The separation of religion from politics, resulting in the notion of ‘private religion’, is the outcome of the secularism associated with the 18th century European Enlightenment. Before that time, religion was always a matter for the whole community, and never just for the individual. In addition, religion and culture were always inextricably intertwined with each other in such a way that their separation was inconceivable. If politics is broadly defined as the principles or policies by which a community orders its life, then religion obviously cannot be artificially excised from politics. This is true especially for multi-religious societies like Singapore. Christians generally maintain that religion and politics cannot be separated. This is because according to the Christian faith, there can be no place for any distinction between secular and sacred. The God who created the world must surely be Lord even of the political realm.
To maintain that there can be no separation between religion and politics is not to reject the concept of the secular state or to insist that the Church should not be separated from the state. The two issues are quite different and must not be confused with one another. Although the concept of the secular state is in itself in many ways problematic, it is nonetheless useful in identifying the duties of the state. The secular state is one in which the government is limited to the seculum or temporal realm. It is a state that is free from the control of any institutional religion and therefore independent of the latter. The idea of the secular state therefore denies the government the right to use religion for the accomplishment of political ends, and it denies religion the right to use the government for religious ends. In this way, the secular state is arguably better able to ensure what some scholars have called ‘benevolent neutrality’, where the interests of the members of all the different communities represented in society are taken seriously. As mentioned earlier, although this model raises a number of difficult and important issues and is far from perfect, for reasons I cannot discuss in this short article, Christians can broadly endorse it without fear of too much compromise. I believe that Singapore’s ‘Maintenance of Religious Harmony Act’ of 1992 is broadly inspired by some such concept of the secular state.
A paradox immediately presents itself: How are we to understand the relationship between the secular state and a religious society? Are the two concepts not contradictory? Here we must further sharpen our understanding of the secular state. A secular state is one that is concerned with the seculum or temporal affairs. However, a secular state is not a state that is committed to secularism. That is to say, the secular state does not deny the reality of the non-physical world and it is not hostile to religious belief and practice. The secular state therefore will not attempt to expunge religious discourse from the public square. It recognises the importance of religion in public life, even as it prohibits religion from using the government for religious ends. Although there is a growing minority in Singapore who are committed to excluding religion from public discourse, I believe that this is not the position of the Singapore government. This is clearly evident in the fact that the latter has openly invited different faith communities to participate in debates on important societal issues.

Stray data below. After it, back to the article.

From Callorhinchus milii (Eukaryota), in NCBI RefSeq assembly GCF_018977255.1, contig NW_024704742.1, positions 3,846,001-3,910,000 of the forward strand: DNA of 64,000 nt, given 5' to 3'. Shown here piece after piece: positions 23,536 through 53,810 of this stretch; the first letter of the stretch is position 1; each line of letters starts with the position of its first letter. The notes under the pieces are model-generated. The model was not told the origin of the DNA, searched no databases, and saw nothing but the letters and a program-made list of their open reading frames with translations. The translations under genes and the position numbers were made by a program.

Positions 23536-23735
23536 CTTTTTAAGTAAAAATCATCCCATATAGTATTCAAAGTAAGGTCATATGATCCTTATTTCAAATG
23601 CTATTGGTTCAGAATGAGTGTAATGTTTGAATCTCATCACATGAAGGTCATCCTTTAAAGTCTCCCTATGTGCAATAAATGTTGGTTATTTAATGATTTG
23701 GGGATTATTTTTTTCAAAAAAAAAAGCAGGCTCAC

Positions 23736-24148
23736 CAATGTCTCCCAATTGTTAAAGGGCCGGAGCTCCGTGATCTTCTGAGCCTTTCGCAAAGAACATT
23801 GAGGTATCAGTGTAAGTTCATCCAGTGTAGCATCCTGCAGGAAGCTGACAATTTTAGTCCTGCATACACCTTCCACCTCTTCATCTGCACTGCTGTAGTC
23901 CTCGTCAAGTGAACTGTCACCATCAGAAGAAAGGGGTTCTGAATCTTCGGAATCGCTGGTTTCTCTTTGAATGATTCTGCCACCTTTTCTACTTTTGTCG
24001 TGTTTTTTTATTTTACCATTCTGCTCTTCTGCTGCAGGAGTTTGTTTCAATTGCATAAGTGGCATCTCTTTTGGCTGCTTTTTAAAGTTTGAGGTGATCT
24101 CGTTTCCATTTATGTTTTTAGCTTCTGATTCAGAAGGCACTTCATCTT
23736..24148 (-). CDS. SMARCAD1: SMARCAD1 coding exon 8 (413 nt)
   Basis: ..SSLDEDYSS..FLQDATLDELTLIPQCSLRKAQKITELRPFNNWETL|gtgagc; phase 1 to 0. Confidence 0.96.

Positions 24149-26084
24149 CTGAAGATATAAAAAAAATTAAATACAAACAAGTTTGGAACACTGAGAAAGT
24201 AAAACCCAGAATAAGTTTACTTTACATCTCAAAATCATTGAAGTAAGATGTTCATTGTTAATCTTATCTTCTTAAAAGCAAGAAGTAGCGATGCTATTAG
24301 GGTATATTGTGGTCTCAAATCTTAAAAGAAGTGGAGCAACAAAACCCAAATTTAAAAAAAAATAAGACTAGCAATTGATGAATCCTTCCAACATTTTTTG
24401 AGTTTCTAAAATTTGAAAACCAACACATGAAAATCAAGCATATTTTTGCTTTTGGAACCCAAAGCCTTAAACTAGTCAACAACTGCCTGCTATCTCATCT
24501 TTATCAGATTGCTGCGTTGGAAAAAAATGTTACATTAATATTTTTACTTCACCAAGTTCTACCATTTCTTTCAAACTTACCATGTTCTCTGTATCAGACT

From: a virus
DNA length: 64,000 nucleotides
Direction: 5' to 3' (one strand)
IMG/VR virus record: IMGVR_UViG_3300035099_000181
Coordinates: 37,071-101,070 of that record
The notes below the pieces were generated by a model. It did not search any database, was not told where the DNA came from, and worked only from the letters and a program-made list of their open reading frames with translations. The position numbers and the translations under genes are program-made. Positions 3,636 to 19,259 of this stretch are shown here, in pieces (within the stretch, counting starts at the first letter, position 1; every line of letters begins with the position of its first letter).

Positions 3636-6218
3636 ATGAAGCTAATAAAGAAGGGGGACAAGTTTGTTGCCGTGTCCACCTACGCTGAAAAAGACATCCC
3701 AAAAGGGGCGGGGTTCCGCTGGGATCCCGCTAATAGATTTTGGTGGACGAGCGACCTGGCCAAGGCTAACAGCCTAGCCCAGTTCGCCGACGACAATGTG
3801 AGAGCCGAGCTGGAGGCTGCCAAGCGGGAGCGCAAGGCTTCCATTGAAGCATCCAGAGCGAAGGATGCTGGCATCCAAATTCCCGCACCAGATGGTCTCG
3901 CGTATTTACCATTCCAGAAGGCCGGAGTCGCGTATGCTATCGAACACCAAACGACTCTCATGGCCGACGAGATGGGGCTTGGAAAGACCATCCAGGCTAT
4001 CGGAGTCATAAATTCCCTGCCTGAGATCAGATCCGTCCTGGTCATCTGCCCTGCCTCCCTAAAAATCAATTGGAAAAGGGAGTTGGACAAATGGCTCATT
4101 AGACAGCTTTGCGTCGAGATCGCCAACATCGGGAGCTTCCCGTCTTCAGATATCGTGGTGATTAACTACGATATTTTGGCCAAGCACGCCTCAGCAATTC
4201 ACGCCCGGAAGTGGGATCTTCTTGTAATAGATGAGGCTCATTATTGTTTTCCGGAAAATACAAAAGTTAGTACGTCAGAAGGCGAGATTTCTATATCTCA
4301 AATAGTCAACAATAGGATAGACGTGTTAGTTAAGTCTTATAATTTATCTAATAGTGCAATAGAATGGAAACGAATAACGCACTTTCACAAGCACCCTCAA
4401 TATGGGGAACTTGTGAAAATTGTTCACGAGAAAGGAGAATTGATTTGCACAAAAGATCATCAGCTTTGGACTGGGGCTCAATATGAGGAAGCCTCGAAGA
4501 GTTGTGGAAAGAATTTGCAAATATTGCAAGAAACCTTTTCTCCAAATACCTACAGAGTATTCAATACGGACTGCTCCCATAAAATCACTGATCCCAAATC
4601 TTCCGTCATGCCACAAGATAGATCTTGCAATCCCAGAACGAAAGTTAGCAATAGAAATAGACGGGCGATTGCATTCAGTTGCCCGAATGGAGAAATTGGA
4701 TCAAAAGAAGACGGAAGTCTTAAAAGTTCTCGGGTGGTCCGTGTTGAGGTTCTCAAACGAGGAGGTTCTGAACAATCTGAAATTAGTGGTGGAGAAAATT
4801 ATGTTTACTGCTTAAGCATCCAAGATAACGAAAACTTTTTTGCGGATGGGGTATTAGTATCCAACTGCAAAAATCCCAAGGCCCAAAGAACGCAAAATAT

Christians believe that they can make significant contributions to public life, not least by participating in debates on social and political issues. As I have argued elsewhere, this is an aspect of the Christian’s responsibility in society. Christians and the Church therefore may serve a political purpose by playing a prophetic role in public life. Although some Christians have argued that the separation of church and state and the acceptance of the concept of the secular state require the privatisation of religion, I maintain that this is not the case at all. In fact, the contrary is true: the separation of church and state has made possible the genuinely prophetic role of religion because the church, freed from institutional dependence, is no longer subservient to the state in a way that would mute her prophetic voice. The Church is therefore able to be herself – a free and authentic witness for God in society. The separation of Church and state and the concept of the secular state therefore make possible an authentic public religion. They make genuine interaction between Christians and political society a living reality.
Christians contribute to the political life of the society by advancing justice and promoting the common good. But in order to do so, Christians (and the Church) must sometimes question the established order and refuse to endorse or ‘sanctify’ policies and traditions that are not in harmony with God’s will. These are all aspects of the prophetic role of Christians in society. Furthermore, prophetic religion must also reach out to the oppressed, the dispossessed, the disinherited and the discriminated. It must reject the temptation to show favour to any particular socioeconomic class. It must be free from the fetters of any given culture and the prevailing norms and conventions of society. By speaking rationally, truthfully and compassionately to many shared concerns and issues, and by participating respectfully, calmly and patiently in public discourse, Christians can contribute – in small but sometimes surprisingly significant ways – to society. In this way, the Christian community can fulfil its public vocation in the world on behalf of freedom, peace, and justice for all.
Dr Roland Chia is Chew Hock Hin Professor of Christian Doctrine at Trinity Theological College and Theological and Research Advisor of the Ethos Institute for Public Christianity. This article was published in The Bible Speaks Today (September 2013).